President Donald Trump will sign a spending bill that denies him funding for a border wall, but averts another government shutdown. Trump will also declare a national emergency, allowing him to bypass Congress and build the wall.
White House Press Secretary Sarah Sanders said on Thursday that Trump will sign the bill, but “will also take other executive action – including a national emergency – to stop the national security and humanitarian crisis at the border.”
The bill allocates just $1.3 billion for a barrier along the US-Mexico border – a drastically lower amount than originally requested by the president. It also explicitly prohibits a concrete wall, and includes a number of concessions to Democrats, such as amnesty for illegal immigrants in the US with unaccompanied minors, a ban on wall construction in several national parks, and no funding for hiring more Immigration and Customs Enforcement (ICE) agents.
Ahead of the signing, many of Trump’s supporters rubbished the deal, urging the President not to sign it.
The emergency declaration, however, allows Trump to divert funds from other parts of the government to fund the wall without Congressional approval. Trump hinted on Tuesday that he already has $23 billion in funding lined up “from other sources.”
Speaking to reporters on Thursday, House Speaker Nancy Pelosi said that declaring a national emergency would set a dangerous precedent. “Republicans should have some dismay about the door they are opening, the threshold they are crossing,” she said, adding that Democrats may meet the declaration with legal challenges.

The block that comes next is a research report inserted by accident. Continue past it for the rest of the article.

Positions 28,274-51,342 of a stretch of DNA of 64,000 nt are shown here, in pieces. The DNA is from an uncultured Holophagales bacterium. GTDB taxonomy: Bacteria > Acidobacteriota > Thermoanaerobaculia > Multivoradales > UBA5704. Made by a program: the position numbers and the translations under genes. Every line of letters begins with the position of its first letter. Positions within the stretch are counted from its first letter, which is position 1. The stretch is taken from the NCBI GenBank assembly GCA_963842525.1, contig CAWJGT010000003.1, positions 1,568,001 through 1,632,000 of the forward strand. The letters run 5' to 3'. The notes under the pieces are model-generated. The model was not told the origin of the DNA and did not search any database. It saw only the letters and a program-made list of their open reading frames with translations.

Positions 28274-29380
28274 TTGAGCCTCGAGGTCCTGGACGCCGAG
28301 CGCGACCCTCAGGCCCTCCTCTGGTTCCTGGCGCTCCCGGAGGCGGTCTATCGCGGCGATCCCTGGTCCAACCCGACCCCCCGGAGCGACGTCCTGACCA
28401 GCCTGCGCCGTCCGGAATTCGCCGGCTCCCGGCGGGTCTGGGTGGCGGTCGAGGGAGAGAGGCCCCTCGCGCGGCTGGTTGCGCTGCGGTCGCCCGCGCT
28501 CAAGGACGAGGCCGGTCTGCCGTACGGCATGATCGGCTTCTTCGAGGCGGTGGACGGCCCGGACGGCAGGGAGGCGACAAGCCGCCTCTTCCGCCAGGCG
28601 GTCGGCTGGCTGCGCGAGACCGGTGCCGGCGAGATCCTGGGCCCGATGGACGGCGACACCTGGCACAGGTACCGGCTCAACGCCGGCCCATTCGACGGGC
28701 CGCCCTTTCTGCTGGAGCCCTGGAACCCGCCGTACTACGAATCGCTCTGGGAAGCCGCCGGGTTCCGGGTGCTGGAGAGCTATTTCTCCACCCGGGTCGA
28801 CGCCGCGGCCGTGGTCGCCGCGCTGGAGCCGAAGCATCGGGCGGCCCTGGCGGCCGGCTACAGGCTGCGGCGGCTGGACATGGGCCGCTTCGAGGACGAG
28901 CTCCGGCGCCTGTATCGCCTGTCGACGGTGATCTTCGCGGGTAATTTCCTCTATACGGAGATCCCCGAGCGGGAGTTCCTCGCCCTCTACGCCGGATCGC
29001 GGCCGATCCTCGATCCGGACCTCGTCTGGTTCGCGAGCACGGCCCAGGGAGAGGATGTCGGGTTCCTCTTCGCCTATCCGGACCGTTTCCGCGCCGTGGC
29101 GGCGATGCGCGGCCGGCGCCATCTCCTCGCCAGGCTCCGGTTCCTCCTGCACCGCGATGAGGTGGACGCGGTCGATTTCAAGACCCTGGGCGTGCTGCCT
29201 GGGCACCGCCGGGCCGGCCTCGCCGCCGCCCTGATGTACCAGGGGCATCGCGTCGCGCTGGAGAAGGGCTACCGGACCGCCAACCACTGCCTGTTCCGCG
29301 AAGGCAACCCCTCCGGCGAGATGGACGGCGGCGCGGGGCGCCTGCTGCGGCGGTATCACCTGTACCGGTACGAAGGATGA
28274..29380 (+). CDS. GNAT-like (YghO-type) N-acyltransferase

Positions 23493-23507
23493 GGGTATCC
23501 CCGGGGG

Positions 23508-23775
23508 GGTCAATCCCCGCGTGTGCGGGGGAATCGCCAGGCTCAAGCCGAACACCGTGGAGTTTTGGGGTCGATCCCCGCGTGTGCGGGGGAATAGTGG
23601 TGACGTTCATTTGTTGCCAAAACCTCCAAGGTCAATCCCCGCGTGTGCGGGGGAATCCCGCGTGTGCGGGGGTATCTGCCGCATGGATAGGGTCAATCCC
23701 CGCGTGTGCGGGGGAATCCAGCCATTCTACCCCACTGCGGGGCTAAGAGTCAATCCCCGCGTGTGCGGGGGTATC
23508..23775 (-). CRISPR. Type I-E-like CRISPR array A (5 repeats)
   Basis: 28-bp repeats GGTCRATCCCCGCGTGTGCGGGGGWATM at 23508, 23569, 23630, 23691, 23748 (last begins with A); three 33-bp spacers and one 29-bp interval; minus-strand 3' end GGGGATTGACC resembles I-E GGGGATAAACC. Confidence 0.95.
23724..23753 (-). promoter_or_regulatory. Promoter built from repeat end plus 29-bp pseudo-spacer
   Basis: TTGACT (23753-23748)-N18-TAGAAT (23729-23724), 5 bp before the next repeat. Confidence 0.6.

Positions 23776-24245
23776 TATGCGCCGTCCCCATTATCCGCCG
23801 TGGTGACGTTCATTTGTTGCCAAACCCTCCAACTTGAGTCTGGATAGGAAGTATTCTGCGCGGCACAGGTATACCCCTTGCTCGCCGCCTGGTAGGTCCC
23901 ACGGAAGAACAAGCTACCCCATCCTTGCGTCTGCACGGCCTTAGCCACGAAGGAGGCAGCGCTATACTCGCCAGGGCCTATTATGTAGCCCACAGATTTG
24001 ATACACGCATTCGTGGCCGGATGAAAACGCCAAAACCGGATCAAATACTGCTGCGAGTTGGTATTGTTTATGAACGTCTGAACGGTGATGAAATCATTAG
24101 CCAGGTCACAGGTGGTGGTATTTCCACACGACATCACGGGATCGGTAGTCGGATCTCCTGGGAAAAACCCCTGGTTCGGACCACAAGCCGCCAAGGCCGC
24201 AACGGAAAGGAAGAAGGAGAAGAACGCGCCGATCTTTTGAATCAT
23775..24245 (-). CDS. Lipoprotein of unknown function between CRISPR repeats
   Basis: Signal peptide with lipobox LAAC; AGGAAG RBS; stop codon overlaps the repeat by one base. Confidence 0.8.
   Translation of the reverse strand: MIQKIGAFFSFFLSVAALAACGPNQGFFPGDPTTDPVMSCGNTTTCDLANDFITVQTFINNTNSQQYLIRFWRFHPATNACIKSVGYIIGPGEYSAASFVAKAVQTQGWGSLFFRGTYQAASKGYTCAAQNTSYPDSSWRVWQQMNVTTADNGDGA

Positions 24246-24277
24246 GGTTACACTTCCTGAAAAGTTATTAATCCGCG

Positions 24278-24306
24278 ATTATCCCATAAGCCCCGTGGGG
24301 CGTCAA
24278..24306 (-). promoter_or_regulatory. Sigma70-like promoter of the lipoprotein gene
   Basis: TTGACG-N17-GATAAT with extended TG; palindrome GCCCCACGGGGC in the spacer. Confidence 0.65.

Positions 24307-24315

An executive order may be overturned in Congress, but to do so would take two-thirds majorities in the House of Representatives and the Senate, something the Democrats lack. Unless Pelosi and Senate Minority Leader Chuck Schumer can convince enough Republicans to cross the aisle, the courts may be the only recourse available to the Democrats.
“We’re very prepared” for legal challenges, Press Secretary Sanders told reporters, adding that “there shouldn’t be” any. “The president’s doing his job. Congress should do theirs.”
The final text of the nearly 1,200 page spending bill was released on Wednesday evening, leaving lawmakers less than 24 hours to read its contents, let alone debate and amend it.
Failure to sign the bill would see another government shutdown begin on Friday, something that lawmakers on both sides are keen to avoid. The last partial shutdown, which ended on January 25, cost the US economy somewhere between $6 and $11 billion, and saw Trump’s approval rating drop from 48 to 43 percent.